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 May 11, 2001, 22:33 SOS!About water-vapor #1 max Guest   Posts: n/a Hi, everyone! IĄŻm modeling water-vapor flows through a converge-diverge nozzle using commercial code. For compressible flows, many commercial codes think the idea gas law is the appropriate density relationship. However, the water vapor IĄŻm using is 0.6Mpa, so in my opinion, it canĄŻt be thought as idea gas. Unfortunately, I couldnĄŻt find the UDF (User Defined Function) for density. Could anybody kind enough to give me some advices on how to set the physical properties. Anything about CFX,FLUENT or ANSYS is welcome! All thanks given to you for your help!

 May 13, 2001, 05:00 Re: SOS!About water-vapor #2 Li Xinfeng Guest   Posts: n/a I can't understand your question very well. In fact , I think it's very easy.You can set the density of your water in command file of CFX4 and don't use the data in the database.

 May 13, 2001, 15:31 Re: SOS!About water-vapor #3 P.Fonteijn Guest   Posts: n/a In CFX you can use the fortran routine USRDEN to set your density anyway you like. P.Fonteijn

 May 14, 2001, 04:41 Re: SOS!About water-vapor #4 Bart Prast Guest   Posts: n/a Which version of CFX are your using? If it is CFX 5 you have to use the general fluid model (density function of P & T) If CFX 4 then skip it because the latest information I had is that CFX 4 is not really well suitable for transonic flows.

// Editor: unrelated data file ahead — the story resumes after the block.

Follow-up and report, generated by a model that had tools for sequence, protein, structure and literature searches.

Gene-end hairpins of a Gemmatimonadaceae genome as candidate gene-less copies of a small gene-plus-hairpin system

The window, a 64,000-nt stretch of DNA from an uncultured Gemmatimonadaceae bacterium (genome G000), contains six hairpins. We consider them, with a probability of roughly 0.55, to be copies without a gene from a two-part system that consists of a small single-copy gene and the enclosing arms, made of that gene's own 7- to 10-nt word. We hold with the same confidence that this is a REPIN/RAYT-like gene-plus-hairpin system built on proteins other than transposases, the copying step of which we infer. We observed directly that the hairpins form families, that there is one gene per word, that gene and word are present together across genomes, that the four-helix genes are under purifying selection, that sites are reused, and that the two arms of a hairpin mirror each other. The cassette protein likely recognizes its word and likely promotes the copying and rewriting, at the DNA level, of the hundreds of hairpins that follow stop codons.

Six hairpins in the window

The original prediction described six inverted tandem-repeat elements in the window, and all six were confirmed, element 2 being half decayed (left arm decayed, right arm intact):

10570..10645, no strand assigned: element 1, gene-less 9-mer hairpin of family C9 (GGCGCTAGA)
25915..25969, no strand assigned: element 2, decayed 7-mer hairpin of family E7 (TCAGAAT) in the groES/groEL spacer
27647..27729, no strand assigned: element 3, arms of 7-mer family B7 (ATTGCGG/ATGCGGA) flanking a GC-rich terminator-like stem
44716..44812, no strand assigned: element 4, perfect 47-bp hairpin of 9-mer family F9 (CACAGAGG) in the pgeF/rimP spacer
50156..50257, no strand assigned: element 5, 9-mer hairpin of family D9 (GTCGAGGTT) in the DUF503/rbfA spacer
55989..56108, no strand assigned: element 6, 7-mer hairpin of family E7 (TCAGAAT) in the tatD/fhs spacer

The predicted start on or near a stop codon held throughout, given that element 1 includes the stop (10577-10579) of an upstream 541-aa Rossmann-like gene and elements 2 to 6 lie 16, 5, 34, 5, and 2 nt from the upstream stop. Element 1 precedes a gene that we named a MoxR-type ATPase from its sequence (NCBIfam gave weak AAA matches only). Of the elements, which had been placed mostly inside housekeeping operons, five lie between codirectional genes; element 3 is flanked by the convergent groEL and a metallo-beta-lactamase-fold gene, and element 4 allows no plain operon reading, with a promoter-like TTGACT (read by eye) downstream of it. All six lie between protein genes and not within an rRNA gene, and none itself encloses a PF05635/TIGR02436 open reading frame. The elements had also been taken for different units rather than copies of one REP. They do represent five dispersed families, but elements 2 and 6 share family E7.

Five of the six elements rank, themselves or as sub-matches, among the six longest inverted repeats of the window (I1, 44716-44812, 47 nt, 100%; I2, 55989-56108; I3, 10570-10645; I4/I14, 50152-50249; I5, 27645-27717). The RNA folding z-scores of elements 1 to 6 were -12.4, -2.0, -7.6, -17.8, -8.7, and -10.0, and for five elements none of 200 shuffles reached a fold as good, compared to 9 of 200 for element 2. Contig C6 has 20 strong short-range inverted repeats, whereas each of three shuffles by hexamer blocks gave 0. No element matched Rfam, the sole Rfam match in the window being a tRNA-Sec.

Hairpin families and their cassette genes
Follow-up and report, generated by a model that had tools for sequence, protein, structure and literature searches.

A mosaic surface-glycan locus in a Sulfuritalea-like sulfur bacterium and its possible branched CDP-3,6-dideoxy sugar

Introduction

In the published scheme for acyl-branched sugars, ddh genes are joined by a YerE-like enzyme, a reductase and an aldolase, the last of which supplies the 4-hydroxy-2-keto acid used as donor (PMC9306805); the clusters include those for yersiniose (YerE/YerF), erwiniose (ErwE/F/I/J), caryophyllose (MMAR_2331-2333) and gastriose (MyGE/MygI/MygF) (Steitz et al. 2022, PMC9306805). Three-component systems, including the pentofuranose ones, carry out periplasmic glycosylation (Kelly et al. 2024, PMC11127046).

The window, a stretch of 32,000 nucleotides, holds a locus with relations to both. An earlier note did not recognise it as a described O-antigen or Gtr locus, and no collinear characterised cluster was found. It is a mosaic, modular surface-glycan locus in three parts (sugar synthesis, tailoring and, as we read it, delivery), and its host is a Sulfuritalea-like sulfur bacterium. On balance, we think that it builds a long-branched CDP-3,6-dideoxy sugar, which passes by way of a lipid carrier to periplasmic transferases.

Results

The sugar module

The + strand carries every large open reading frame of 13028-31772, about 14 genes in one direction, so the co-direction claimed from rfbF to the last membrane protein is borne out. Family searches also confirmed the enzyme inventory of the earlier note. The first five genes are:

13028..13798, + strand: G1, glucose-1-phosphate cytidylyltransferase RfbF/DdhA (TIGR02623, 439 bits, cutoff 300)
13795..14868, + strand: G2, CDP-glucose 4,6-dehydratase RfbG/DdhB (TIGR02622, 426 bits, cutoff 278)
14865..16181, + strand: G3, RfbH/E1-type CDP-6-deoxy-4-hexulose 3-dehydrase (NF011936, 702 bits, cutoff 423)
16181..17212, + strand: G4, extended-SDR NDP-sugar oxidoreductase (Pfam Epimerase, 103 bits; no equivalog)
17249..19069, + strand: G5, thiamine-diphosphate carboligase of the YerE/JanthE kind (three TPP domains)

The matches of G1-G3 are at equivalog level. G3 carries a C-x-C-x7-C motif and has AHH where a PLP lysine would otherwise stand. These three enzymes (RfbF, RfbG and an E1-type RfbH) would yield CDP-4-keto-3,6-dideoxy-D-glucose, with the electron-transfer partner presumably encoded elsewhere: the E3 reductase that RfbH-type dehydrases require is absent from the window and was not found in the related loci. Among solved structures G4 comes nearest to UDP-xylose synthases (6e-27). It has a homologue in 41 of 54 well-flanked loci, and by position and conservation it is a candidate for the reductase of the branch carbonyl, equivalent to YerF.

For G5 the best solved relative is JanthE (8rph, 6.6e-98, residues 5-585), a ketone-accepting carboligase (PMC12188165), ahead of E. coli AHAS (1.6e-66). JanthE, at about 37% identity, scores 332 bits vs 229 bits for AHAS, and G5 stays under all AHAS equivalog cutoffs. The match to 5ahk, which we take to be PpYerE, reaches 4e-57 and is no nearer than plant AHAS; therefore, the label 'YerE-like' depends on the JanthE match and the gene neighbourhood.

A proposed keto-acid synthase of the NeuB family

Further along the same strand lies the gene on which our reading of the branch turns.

May 14, 2001, 08:49 Re: SOS!About water-vapor #5 max Guest   Posts: n/a Thank you for your help. I had found the UDF(user defined function) in FLUENT.(because i am more familiar with that code). Now my question is how can i decide the state of the fluid on the basis of the temperature which is equal to that of the saturated water-vapor?

 May 14, 2001, 09:20 Re: SOS!About water-vapor #6 Bart Prast Guest   Posts: n/a If you have pure water vapor and no phase transition then you have a well defined equation of state (ideal gas with compressibility factor as a function of P & T). If you have phase transition (which you propably will have), you need to account for the latent heat which is large for water vapor. You might then neglect the volume of the liquid water. For further reference: look up the work of prof Schnerr in Karlsruhe or the work of Young in Oxford (or Cambrigde, I'm not sure) on condensing flows in steam turbines and Laval nozzles.

 May 15, 2001, 07:19 Re: SOS!About water-vapor #7 max Guest   Posts: n/a Bart Prast: Thanks for your concern!But how can i get the information of the work of prof Schnerr on condensing flows in steam turbines and Laval nozzles?

 May 15, 2001, 07:30 Re: SOS!About water-vapor #8 Bart Prast Guest   Posts: n/a Go to his homepage (with references): http://www-ism.mach.uni-karlsruhe.de/

 May 18, 2001, 05:34 Re: SOS!About water-vapor #9 max Guest   Posts: n/a Thanks a lot!

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